Slavery was about the money, money, money. Don't ever get it confused. I'm not a racist, I'm a realist.

      --Ron Edwards, US Slave Blog

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    6. Now, let's address your question of "Cui bono?" I think of it as a declarative statement: WHO BENEFITS!

      After 246 years, or 12 generations of perpetual racialized slavery who benefited? or another 100 years of racialized Jim Crow Apartheid? Who benefits?

      400 years of racialized oppression -- who benefits?

      The Confederacy regained control of the land, labor, and political resources of the south. They re-enslaved their black population with elaborate black codes *the Mississippi Plan*, sharecropping, peonage, and the convict leasing system (you should read Douglas Blackmon's "Slavery By Another Name" for a more full explanation of how slavery was continued in the USA until WWII).

      So, who benefited from slavery? Certainly, it was the Planter Plutocrats, the Lords of the Loom (in New England and Old England), Wall Street-like Cotton Exchanges in New Orleans, Memphis, Alabama, etc., slave traders who rode the slave bubble until the end of the Civil War, merchant shippers, ship builders, iron works, salt works, mining concerns, lumber companies; white males (voting rights were extended and more inclusive, public was offered for the first time in the south -- most whites were illiterate during the heyday of the old south).

      Blacks were just given the middle finger, or their neck in a noose for making the south the richest land in the USA.

      You tell me who benefits.

      --Ron Edwards, US Slave Blog

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  6. Question is: who benefited from the war, not from the slavery that was just another mean to make money.
    You are a smart bloke, don't fossilize yourself on slavery and look beyond it.
    In the USA it was slavery, somewhere else it was and is something else. Your nation’s history is packed with good causes, good enough to justify a war, then an invasion, then a reconstruction and so on…
    Some of us are just sick with those excuses and start looking into the “supposed” good boys, the saviors. The Lehman Bros, if u want…
    Don't forget that, despite whatever you might say, slavery ended everywhere else in the world without people dying for it!!!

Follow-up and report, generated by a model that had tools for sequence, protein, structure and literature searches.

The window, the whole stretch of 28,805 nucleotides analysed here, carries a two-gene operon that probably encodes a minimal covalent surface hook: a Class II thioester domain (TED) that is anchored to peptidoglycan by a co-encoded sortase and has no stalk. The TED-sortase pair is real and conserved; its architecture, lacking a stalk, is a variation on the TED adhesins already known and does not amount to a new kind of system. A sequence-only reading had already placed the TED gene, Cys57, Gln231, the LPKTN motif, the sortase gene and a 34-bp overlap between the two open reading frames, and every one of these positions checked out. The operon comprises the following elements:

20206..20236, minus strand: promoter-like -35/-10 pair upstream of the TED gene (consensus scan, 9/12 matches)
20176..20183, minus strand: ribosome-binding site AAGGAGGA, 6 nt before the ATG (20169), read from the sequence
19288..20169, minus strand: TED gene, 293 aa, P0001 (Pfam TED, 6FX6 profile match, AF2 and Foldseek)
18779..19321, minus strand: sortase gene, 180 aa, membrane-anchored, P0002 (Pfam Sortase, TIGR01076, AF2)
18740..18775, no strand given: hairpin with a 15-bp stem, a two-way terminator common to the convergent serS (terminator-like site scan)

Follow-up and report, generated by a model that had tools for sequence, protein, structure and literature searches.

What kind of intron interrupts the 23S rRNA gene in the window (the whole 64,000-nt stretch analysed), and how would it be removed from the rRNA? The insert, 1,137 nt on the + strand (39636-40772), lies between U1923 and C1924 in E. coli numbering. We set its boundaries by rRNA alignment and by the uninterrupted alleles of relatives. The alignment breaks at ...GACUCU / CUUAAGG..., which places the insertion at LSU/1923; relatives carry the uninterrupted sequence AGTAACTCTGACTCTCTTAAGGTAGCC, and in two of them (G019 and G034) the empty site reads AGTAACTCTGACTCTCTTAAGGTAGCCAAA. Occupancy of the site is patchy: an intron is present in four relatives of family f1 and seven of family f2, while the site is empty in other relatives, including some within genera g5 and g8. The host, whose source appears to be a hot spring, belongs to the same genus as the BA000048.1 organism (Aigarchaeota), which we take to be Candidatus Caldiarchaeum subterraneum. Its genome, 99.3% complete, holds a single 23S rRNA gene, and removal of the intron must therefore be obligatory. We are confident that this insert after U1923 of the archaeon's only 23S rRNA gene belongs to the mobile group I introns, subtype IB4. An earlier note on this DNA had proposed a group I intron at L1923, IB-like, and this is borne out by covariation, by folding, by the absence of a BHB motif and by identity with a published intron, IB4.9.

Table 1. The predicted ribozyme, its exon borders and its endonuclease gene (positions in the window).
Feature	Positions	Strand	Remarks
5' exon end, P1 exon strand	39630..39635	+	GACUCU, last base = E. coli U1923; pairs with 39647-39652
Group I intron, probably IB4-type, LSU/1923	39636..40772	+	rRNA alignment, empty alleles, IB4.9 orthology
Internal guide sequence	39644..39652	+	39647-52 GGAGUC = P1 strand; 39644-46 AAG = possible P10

That, at least, in a smart bloke like you (although you never answer my questions… ) should ring a bell…
    Best regards

    Stefano Ambrosi – Just a citizen…

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    1. Citizen Stefano Ambrosi:

      The Civil War was not, by any means, the first nor the last war in the land called the USA. First and foremost, the USA was not "Terra nullius" or the "land belonging to no one." There were 500 indigenous nations that existed on this land, BEFORE they were cleansed from the land and whitewashed out of the historic narrative. BEFORE the cotton kingdom of the deep south became a Confederate enclave it was highly contested land of many Native American Indians as well as European claims in Spain, France, and Great Britain.

      Only 4 rebellious Confederate states were among the original 13 states -- Virginia, North Carolina, South Carolina and Georgia -- Tennessee and Kentucky were cut out of the Carolinas and Virginia, respectively -- the Cotton Kingdom of the deep southern states of Mississippi, Alabama, and Louisiana became apart of the union AFTER the ethnic-cleansing, land-grab War of 1812 -- Fresh off the heels of the War of 1812, the then General Andrew Jackson started invading Florida during the Seminole Wars, in 1819 the land was sold to the USA by Spain -- Texas was a shameless land-grab from Mexico during the Presidents Taylor's and Polk's Administration -- California became a state in 1850.

      The Civil War was about the WESTWARD EXPANSION OF SLAVERY into the newly acquired states and territories, not about the institution of slavery itself.

      The Civil War didn't even start with the firing on Fort Sumter, it began with the Jayhawkers vs. the Bushwhackers in Kansas -- they call it Bleeding Kansas (1856). AGAIN, the South Carolina Palmeto State flag flew LONG BEFORE the Confederate Southern Cross ever flew over the contested lands of Kansas over what question .... SLAVERY EXPANSION.

      There were more than two sides in the Civil War, it wasn't just about the North vs. South. There were Free Soilers (anti-slavery, anti-black, yeomen farmers), the Copperheads (pro-slavery northerners), Pro-Union Southerners (largest stronghold could be found when pro-union West Virginia seceded from Virginia), Know Nothing Party (anti-Catholic, anti-immigrant, anti-Jewish) ... the country wasn't in a two-way split, but a complete ideological implosion. It's cute how history is packaged into neat compartments, because the truth is way too complex for most people to handle.

      Who benefited from the Civil War? The USA. It became a large nation with two major oceans (Pacific and Atlantic), that opened trade with Asia as well as with Europe; the United States became a superpower that excelled beyond its European counterparts in France, England, Spain, Ireland, the Netherlands and Germany. The land became more democratic for white men, more free for all people (except the original inhabitants, the Native Americans who were sequestered on to reservations and controlled by the Department of Interiors and Department of Indian Affairs and of course Americans with one-drop of African blood were sequestered in ghetto colonies across the USA as Jim Crow Apartheid laws of "separate but equal" became entrenched).

      In other words, the US Civil War decreased the likelihood of sectional balkanization of the United States.

      --Ron Edwards, US Slave Blog